The most important decision you will need to make when you visit the Australian National Maritime Museum (particularly if the special exhibition on at the time of your visit holds little or no interest for you) is whether or not you want to board the museum’s small fleet of ships/boats or view them from the boardwalk. In terms of cost, visiting the museum’s permanent galleries and viewing the ships/boats from the boardwalk is free (2016). If you decide to board the vessels you will need to have a BIG ticket and the cost becomes A$30 (with some concessions). The time you have available for your visit will also be a determining factor. To see everything and board the vessels which you can board will take at least half a day.
The other thing you need to be aware of is that all the vessels are not there all the time. Typically the ‘Big Boats’ you can board are:
HMB Endeavour – open when not at sea (pictured above)
The HMB Endeavour is one of the world’s most accurate replica vessels – obviously of James Cook’s HMB Endeavour. It is decked out to how it would have looked on one of the world’s greatest maritime adventures, Captain Cook’s epic 1768-71 world voyage – down to the table being set, clothes hanging and a slumbering cat! The Endeavour with its 30 kilometres of rigging and 28 sails encompassing 10,000 sq feet (980m2) of canvas is a majestic sight to see when at sea as it regularly is, offering 5-10 days voyages throughout the year (see – http://www.anmm.gov.au/whats-on/vessels/sail-the-endeavour).
Tall Ship James Craig – open when not at sea
Unlike the HMB Endeavour, the James Craig and all other ships and boats at the museum are original vessels though it has to be said that the 1874 Tall Ship James Craig has been extensively restored. The James Craig represents the great 19 century sailing vessels that shipped produce out of the fledgling Australian colonies and brought back much needed manufactured goods on its return trips to Australia. It is one of only four 19th century barques left in the world, the only one in the Southern Hemisphere, capable of sailing and is the only one which offers regular sea trips to the general public.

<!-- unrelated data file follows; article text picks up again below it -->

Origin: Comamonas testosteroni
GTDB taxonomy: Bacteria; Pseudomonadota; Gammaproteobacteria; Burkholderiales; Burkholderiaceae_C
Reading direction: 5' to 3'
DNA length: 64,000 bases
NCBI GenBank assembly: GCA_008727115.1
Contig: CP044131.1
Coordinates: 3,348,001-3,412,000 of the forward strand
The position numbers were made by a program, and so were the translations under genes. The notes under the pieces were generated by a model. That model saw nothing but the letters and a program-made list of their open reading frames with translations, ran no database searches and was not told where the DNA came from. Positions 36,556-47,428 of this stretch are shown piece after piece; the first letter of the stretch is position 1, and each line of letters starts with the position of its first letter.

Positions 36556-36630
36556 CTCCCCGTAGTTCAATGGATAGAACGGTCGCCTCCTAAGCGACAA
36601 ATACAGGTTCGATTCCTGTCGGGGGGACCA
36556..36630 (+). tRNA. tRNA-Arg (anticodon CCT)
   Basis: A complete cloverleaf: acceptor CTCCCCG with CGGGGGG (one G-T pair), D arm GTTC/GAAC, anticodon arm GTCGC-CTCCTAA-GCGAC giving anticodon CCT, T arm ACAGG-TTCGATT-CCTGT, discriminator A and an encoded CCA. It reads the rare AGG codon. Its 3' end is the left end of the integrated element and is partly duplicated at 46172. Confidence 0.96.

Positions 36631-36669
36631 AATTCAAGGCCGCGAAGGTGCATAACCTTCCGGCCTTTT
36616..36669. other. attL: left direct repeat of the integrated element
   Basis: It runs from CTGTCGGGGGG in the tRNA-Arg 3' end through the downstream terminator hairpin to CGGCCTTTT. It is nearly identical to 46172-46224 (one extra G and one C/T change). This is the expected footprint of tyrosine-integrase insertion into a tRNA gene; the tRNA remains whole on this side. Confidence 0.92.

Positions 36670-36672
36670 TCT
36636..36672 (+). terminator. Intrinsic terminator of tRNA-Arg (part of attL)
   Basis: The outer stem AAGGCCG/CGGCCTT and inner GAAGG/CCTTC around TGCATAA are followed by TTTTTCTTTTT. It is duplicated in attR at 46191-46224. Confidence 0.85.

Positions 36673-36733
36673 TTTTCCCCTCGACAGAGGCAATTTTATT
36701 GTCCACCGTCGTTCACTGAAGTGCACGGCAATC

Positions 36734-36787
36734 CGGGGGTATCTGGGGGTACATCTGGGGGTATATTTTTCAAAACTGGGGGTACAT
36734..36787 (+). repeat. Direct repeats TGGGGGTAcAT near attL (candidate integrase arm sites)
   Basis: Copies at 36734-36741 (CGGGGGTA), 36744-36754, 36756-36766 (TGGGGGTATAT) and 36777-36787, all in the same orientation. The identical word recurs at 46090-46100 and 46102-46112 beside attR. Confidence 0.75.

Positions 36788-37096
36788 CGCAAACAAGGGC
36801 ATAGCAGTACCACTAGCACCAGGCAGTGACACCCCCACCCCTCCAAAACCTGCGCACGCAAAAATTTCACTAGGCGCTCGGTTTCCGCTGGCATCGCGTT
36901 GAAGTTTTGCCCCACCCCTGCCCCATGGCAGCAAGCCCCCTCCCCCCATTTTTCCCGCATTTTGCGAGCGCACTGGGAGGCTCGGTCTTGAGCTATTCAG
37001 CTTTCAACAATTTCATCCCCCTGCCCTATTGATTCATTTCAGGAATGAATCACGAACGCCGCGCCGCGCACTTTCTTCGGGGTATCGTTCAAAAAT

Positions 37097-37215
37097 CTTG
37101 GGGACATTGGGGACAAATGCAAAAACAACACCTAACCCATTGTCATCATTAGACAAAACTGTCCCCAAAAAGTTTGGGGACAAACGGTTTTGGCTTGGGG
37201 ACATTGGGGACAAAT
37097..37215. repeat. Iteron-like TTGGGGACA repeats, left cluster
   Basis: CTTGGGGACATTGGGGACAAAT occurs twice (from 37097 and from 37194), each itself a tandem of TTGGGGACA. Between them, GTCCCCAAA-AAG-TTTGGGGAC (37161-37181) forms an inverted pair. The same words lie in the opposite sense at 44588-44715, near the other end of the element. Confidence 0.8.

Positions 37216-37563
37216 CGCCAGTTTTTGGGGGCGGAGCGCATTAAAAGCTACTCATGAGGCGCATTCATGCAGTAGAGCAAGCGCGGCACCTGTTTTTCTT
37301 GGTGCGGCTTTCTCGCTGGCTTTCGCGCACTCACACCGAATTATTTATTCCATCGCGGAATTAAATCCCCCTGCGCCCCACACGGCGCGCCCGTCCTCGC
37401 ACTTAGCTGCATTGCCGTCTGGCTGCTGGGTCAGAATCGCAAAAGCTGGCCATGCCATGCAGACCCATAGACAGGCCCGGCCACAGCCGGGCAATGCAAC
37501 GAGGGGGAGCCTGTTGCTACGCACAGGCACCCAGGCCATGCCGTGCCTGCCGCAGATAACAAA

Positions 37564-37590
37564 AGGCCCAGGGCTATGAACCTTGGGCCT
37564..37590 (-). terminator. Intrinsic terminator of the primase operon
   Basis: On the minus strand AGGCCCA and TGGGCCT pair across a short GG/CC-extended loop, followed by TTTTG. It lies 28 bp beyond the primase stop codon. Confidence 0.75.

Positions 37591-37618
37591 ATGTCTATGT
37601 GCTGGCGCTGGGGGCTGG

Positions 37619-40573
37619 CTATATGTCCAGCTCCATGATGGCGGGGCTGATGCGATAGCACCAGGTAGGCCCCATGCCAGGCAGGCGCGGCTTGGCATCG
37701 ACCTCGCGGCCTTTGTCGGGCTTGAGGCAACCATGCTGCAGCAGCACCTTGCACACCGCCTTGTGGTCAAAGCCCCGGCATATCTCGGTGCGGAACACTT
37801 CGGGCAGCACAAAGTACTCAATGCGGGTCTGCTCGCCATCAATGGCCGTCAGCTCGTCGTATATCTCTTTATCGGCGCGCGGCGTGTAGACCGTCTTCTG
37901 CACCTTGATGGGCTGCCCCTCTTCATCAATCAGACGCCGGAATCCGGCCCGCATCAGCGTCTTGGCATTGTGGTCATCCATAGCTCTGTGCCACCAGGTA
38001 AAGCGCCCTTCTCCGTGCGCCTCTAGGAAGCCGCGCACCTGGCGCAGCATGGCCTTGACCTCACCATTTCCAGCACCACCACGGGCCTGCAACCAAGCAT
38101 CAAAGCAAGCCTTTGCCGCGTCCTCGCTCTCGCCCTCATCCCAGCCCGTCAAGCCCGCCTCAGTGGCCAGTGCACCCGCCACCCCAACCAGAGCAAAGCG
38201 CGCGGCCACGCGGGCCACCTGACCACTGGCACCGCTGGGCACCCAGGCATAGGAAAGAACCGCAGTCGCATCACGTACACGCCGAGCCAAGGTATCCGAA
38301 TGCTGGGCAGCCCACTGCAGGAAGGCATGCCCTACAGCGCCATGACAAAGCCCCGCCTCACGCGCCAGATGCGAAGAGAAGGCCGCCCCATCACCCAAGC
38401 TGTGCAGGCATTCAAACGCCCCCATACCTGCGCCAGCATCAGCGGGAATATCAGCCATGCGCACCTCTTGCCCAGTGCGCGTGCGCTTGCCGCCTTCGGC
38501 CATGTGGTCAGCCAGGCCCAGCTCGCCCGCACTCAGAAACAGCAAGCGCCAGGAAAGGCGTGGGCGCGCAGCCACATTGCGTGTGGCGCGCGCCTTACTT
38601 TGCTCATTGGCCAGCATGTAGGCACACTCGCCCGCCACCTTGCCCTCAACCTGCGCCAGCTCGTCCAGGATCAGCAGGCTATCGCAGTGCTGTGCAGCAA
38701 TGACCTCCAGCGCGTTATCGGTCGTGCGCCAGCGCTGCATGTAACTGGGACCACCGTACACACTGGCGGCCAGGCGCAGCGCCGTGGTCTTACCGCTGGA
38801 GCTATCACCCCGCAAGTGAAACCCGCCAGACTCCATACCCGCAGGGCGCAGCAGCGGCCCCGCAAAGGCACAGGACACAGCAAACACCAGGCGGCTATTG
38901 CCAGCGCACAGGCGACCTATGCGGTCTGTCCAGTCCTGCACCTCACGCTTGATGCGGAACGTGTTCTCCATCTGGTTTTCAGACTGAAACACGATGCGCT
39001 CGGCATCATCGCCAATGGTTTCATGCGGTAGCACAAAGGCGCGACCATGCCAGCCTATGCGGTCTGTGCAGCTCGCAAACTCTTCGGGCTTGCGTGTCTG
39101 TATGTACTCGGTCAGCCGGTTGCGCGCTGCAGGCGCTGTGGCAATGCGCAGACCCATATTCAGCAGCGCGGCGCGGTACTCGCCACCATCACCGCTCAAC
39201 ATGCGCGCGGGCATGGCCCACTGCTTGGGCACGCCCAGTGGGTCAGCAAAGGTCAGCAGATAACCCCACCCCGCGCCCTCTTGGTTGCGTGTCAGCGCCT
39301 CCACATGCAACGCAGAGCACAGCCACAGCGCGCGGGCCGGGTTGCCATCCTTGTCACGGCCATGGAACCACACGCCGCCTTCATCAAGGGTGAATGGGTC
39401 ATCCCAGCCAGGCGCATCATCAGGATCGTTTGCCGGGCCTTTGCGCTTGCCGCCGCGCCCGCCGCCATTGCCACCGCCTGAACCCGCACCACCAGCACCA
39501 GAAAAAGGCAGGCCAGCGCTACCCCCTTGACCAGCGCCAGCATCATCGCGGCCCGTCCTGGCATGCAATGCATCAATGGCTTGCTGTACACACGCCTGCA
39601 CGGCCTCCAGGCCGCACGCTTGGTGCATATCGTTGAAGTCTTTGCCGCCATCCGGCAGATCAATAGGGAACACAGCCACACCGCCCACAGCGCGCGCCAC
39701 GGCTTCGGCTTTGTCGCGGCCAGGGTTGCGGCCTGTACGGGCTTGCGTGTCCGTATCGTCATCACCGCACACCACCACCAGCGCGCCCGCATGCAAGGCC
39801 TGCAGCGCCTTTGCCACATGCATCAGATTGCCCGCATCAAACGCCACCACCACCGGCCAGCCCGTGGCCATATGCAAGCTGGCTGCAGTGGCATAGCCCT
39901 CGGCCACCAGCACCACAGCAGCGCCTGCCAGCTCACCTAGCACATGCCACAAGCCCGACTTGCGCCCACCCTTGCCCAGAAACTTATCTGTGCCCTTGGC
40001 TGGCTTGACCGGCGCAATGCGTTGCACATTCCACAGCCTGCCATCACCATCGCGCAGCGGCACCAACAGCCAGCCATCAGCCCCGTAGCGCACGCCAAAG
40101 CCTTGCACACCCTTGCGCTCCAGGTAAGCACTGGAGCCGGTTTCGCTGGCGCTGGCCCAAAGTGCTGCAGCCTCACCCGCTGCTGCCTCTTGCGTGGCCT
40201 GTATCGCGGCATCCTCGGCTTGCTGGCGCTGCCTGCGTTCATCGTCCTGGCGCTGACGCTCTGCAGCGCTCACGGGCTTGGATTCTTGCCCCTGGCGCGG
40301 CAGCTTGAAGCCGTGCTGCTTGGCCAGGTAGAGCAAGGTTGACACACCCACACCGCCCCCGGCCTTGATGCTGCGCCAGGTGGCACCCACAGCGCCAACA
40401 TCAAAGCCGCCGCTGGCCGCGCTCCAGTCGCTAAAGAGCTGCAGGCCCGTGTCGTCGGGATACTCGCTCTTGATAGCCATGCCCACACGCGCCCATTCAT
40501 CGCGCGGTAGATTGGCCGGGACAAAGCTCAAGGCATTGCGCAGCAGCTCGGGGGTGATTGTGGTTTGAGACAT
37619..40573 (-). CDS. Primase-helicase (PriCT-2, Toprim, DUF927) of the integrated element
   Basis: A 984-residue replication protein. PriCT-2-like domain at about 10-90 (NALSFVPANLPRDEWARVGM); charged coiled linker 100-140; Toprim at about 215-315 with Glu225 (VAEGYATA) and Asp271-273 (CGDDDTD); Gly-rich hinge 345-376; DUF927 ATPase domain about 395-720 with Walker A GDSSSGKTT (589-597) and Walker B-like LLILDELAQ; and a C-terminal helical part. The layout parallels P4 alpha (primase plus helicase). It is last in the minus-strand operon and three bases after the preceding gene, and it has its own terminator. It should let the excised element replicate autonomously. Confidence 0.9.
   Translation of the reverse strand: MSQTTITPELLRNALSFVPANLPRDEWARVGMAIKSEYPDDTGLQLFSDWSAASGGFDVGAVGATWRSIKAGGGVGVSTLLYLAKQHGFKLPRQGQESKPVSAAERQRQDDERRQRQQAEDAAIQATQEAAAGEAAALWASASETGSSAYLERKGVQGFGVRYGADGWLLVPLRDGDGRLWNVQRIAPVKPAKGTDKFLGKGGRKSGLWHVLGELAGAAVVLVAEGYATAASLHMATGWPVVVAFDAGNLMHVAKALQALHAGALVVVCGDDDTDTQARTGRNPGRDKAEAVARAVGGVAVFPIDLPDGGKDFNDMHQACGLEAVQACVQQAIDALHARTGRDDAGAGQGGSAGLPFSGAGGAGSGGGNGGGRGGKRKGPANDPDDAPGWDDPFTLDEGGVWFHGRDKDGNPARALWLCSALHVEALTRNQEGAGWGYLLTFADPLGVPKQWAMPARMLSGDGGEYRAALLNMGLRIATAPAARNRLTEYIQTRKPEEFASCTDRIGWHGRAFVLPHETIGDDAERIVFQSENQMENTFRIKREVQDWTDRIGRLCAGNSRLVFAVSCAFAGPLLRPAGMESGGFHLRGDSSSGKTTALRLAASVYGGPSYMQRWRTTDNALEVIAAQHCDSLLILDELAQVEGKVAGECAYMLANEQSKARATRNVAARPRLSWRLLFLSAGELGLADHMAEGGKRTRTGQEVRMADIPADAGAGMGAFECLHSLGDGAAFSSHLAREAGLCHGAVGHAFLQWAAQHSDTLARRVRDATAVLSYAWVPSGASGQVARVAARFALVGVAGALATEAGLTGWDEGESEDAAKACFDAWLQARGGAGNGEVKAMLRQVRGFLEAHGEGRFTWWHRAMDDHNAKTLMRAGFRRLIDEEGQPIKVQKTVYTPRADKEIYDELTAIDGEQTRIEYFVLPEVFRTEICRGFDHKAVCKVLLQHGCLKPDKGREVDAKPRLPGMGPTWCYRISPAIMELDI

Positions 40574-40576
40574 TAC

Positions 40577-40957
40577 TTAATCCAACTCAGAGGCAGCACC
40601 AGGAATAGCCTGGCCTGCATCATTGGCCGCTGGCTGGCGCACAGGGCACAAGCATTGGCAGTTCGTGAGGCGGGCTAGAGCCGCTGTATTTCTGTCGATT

HMAS Onslow (submarine) – permanently in port
Decommissioned in 1999 just weeks before becoming part of the museum’s fleet, the Onslow remains in close to operational condition. This is an Oberon class submarine commissioned during the Cold War to track Soviet submarines moving into the Arabian Gulf from Vladivostok via the Coral Sea and the Great Australian Bight.
Destroyer HMAS Vampire – permanently in port
The Vampire was the last of Australia’s big gun ships. Since the Vampire fighting ships have been equipped with missile weaponry. The Vampire was in active service between 1959 and 1986 though thankfully despite its impressive array of guns that service was peaceful, even while escorting troops to Vietnam during the 1960-70s Vietnam War.
HMAS Advance – permanently in Port
Commissioned in 1968 and serving out of Darwin until 1977, HMAS Advance was one of a number of ‘Attack’ class patrol boats responsible for surveillance of Australia’s enormous coastline and was involved in controlling smuggling, immigration, illegal fishing, search and rescue and occasional inshore survey work.
If it is critical to you that you can board the Endeavour and/or the James Craig ensure you check if they are in port (less likely on weekends and public holidays) before buying your ticket! The other vessels are occasionally closed for maintenance.
There are a number of other, much smaller vessels, which you can, in theory and indeed in practice, board but they can be adequately viewed internally as well as externally from the boardwalk if you don’t want to buy a BIG ticket. See my separate review ‘Little Boats at the Maritime Museum’.
I have not yet boarded the Endeavour and the James Craig. I would love to do so but to date have been reluctant to fork out the A$30 to see these given that I have seen everything else at the museum (many times!). It is a shame that you cannot buy tickets for individual ships.